Chapter

Distributional Effects in a General Equilibrium Analysis of Social Security

Laurence J. Kotlikoff, Kent Smetters and Jan Walliser

in The Distributional Aspects of Social Security and Social Security Reform

Published by University of Chicago Press

Published in print June 2002 | ISBN: 9780226241067
Published online February 2013 | e-ISBN: 9780226241890 | DOI: http://dx.doi.org/10.7208/chicago/9780226241890.003.0009
Distributional Effects in a General Equilibrium Analysis of Social Security

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This chapter utilizes a computable general equilibrium model to analyze how the shift to an investment-based system would change wages and interest rates. Social Security's privatization can considerably raise long-run living standards. It also helps the long-run poor even absent any explicit redistribution mechanism. The long-run gains to Social Security's privatization are greater due to the status-quo alternative, which entails a significant long-run increase in the rate of payroll taxation. Furthermore, this privatization enhances the welfare across all income classes for those born in the long run and is, broadly speaking, progressive when measured with respect to its long-run welfare effects. The lifetime poor alive in the long run experience a much higher welfare gain than do the lifetime rich. The short-run welfare losses to initial younger workers are larger in the demographic model.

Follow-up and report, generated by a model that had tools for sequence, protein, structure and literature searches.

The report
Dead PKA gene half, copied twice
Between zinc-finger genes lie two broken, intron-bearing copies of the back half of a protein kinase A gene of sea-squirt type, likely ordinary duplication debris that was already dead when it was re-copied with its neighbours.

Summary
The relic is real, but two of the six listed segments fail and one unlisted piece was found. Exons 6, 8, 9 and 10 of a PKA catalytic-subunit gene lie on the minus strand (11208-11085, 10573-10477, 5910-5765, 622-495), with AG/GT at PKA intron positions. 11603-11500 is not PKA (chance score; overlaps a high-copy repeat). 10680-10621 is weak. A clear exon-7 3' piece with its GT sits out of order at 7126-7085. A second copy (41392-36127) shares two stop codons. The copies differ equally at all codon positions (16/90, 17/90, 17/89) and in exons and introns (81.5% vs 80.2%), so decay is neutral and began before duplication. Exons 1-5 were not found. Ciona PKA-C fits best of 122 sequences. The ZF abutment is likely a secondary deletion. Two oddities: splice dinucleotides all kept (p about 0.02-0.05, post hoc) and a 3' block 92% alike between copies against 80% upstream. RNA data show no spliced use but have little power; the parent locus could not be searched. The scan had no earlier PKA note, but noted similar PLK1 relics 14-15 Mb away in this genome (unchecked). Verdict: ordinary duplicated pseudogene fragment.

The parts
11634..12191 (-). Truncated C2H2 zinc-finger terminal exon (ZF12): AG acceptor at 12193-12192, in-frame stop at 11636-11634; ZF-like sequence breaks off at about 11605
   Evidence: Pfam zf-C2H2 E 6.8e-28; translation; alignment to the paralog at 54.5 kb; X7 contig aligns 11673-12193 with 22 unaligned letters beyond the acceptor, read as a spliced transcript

Keywords: privatization; Social Security; wages; interest rates; equilibrium model; investment-based system; payroll taxation; welfare

Chapter.  14270 words.  Illustrated.

Subjects: Public Economics

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